Marmot Basin staff are organizing to change their relationship with their employer, but a technical issue with their union membership petition has stalled their unionization efforts.
An application to the Alberta Labour Relations Board (ALRB) was was filed on behalf of Marmot Basin employees this past spring. According to the application, the 39-worker unit includes staff employed in ski safety operations (ski patrol, snow farming and avalanche control) as well as ski patrol dispatchers.
The union applying to the ALRB on behalf of ski hill staff is Local 401 of the United Food and Commercial Workers (UFCW). Local 401 represents approximately 32,000 members across Alberta in a broad range of industries and sectors, but mostly those with jobs in retail food sales and production. If the Marmot staffers’ application to the union is accepted, and then the 39 workers vote to unionize, it would constitute the first instance of ski industry employees being represented by UFCW Local 401.
“We represent a lot of hospitality workers [but] this would be our first foray into [the ski industry],” said UFCW Local 401’s executive director, Chris O’Halloran.
But there has been a hang up with the membership petition which the union and the organizing workers have submitted to the ALRB.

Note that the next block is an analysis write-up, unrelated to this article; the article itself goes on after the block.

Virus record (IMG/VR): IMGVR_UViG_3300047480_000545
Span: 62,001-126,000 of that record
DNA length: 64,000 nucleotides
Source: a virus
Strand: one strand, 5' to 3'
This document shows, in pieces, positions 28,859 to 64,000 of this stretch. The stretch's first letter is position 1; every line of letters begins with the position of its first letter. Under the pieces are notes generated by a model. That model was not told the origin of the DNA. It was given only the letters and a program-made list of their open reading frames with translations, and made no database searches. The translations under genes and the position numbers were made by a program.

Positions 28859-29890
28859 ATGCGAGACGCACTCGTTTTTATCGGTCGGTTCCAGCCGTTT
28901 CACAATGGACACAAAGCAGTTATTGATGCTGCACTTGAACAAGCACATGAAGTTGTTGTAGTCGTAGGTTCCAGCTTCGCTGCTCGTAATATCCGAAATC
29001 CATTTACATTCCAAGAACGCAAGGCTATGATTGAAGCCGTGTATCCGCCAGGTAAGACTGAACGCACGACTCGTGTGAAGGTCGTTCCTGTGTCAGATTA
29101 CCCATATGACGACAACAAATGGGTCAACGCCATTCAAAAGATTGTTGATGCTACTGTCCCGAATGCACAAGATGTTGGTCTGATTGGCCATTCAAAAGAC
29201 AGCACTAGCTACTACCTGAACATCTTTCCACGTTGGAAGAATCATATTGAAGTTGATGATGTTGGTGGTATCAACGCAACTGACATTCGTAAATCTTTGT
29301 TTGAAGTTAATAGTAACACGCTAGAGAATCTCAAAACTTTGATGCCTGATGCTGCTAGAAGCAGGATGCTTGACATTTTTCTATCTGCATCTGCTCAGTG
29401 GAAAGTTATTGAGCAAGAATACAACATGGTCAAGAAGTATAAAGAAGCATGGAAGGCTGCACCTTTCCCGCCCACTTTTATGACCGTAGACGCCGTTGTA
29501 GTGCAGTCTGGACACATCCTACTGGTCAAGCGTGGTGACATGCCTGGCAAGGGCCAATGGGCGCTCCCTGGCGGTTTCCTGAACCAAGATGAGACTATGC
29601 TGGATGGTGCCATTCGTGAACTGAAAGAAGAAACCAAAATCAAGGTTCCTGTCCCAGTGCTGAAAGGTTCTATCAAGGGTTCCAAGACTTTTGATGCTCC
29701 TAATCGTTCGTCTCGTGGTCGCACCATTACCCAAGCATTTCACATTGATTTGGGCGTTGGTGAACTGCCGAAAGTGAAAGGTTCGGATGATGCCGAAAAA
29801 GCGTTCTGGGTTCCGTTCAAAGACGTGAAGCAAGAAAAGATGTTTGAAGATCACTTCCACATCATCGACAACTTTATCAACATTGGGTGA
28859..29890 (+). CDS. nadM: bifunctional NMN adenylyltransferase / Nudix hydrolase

The union needs to demonstrate at least 40 per cent of the workers support the unionization efforts, and each worker’s support needs to be verified by a witness. But in the Marmot employees’ electronic petition, an issue with the digital timestamp of the witness’ signature has been flagged. Because of the discrepancy, the validity of the petition can come into question, according to the ALRB.
When UFCW wrote to the board, pressing them to move the process forward despite the technicality, Marmot Basin filed an objection, based on the argument that the witness signatures are invalid. As such, the union and the company are waiting on the results of a board hearing to determine whether the membership petition can be accepted.
“We’re confident we’re going to win, and we’re also confident that the employer hasn’t addressed the issues that the workers had,” O’Halloran said.
O’Halloran is optimistic the board will eventually side in favour of the union, but with the decision in limbo, and the winter’s first snow fall not far away, the stall amounts to a cold, stiff ski boot to start the season in for the ski industry staff who thought they would be unionized by the time chairlifts were spinning.
“We’re confident we’re going to win…but that doesn’t help these workers,” O’Halloran said.
In light of the delays, Local 401 is telling the workers to stay the course.
“It’s illegal to discriminate against someone for being a union supporter,” O’Halloran said. “Our message to workers is that the board will rule in our favour. Stay the course and let’s see this through.”
An email to Marmot Basin requesting a comment on this story was not returned.
Bob Covey // email@example.com